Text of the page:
Whether we like it or not, other people see what we do. If they like what they see, our actions will tend to rub off on them. If they don’t like what they see, that can shape what they don’t do.
Having our environment rub off on us is a concept we’re all familiar with: For instance, after I clear the driveway with our little snow-thrower, I have to leave my coat in the back room, because it smells of partially-burned gasoline. The other night, I met some colleagues from work at a noisy restaurant, and when I got home, my voice was just about gone. On the other hand, after I spend some time with other Christians, whether at church or just hanging out with the guys in my men’s group, I tend to be better prepared to actually be useful in the world around me, rather than selfish. Where we spend time influences not just how we look, smell, and sound, but who we become.
But today’s study guide isn’t about how we are influenced. It’s about how we are part of the environment that influences others. You see, many of those whose life paths intersect with our own (whether regularly, like our family; or just once, like a stranger we meet in passing) don’t get a choice as to whether or not we will influence them. Although they can choose how to react to our behavior, and the opinions that they form about us, they often don’t get to choose what kind of impact we’ll have on their day, week, or life. They may choose who they imitate (see 3 John, verse 11), but they don’t always get to choose what sort of examples cross their path.
So, what sort of influence are you having? Can we say, like Paul (in I Corinthians 11:1), that we want people to imitate us – not because we’re that great, but because we are copying the example of Jesus? Is our work ethic something that others look up to (see 2 Thessalonians 3:7-8), or something they look down upon?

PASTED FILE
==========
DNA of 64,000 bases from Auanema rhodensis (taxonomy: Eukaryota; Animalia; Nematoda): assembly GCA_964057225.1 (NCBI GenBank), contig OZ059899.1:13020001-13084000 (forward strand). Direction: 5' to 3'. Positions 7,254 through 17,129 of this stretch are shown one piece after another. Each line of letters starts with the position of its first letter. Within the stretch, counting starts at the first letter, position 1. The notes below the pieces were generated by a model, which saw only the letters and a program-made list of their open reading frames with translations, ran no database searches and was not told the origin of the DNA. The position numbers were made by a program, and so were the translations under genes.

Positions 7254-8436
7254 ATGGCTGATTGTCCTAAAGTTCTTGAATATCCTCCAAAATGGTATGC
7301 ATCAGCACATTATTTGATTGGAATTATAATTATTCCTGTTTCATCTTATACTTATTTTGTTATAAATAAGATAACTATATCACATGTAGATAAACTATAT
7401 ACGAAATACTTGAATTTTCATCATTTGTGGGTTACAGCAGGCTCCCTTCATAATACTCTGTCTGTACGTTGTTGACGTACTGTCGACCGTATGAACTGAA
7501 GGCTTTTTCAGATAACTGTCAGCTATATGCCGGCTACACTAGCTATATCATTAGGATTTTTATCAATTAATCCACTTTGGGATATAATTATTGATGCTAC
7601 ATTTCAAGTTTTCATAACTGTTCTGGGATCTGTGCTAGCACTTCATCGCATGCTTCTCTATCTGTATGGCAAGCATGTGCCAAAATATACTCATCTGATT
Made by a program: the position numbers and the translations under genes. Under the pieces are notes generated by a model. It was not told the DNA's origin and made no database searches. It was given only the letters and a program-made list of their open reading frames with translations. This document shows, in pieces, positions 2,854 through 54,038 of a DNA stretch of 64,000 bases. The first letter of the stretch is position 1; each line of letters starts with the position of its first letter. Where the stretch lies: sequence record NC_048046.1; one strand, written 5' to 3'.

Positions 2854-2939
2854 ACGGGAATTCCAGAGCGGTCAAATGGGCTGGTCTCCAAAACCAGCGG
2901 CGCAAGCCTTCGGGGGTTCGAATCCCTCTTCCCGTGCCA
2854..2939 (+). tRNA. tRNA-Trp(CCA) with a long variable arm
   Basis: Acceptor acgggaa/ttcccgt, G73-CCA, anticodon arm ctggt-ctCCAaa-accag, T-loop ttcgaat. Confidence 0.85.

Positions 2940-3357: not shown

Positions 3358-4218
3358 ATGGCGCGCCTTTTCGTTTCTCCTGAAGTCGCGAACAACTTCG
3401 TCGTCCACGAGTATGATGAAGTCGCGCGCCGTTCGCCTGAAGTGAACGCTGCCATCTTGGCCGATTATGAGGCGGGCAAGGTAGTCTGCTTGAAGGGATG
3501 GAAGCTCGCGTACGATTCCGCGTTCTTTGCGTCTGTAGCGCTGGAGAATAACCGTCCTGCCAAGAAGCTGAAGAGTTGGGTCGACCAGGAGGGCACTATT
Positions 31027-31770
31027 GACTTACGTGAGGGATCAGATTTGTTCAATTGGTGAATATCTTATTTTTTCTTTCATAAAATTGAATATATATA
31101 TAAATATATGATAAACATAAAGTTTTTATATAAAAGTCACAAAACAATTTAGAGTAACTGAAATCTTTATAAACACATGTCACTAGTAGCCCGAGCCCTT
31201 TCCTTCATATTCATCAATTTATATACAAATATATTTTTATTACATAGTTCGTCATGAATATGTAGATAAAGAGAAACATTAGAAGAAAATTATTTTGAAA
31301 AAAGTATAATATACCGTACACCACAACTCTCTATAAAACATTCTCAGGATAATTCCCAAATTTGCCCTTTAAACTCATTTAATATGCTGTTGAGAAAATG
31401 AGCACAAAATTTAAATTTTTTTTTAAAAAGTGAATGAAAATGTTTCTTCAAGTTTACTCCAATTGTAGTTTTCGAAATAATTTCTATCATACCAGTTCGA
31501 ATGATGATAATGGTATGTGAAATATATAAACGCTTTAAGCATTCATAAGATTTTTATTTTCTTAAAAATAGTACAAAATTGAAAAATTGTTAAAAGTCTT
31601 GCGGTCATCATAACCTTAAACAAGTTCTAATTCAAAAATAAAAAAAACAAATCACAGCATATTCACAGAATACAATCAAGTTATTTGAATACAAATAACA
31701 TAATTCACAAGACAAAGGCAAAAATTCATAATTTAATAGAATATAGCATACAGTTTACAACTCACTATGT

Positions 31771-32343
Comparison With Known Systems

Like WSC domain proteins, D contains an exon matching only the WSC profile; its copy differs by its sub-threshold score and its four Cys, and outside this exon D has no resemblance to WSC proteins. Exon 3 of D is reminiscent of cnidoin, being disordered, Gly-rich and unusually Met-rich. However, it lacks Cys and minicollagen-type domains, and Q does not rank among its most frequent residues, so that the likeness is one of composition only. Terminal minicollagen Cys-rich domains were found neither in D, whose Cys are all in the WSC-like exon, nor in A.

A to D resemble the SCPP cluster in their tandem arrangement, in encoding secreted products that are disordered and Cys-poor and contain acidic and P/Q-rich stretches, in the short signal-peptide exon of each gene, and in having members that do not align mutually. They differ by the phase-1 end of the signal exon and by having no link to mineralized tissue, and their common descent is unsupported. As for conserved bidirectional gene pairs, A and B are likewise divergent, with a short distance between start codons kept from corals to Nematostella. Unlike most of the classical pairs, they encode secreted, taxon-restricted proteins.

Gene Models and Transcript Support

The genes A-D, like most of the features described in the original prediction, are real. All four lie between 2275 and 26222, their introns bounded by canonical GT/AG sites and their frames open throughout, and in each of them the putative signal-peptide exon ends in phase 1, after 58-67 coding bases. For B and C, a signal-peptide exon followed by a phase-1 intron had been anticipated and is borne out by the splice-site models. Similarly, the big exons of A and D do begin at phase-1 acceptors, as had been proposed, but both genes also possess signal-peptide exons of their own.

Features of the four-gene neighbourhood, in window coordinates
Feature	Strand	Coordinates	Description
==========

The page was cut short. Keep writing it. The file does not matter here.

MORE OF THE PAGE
This is your challenge for today: Evaluate what message your actions and words deliver to others, and seek to move people closer to Jesus, not farther away from him. If you don’t feel that you’re doing as good of a job of this as you could, consider the following:
If you’ve had someone in your life who was a great example to you, and if you can still contact that person, take some time today to do a couple of things. First, be sure that you’ve thanked that person. Then, ask that person to invest a little more time with you. This doesn’t have to be weird or formal. Just ask this person to share with you the story of their life journey, over lunch or coffee, on a drive, or maybe even during a game of golf. Most people would be honored to have you ask them for advice, even if they don’t think themselves as being called anything so formal as a “mentor”.
Read Hebrews 13:7, and get all the help you can to be a positive light in the lives of others.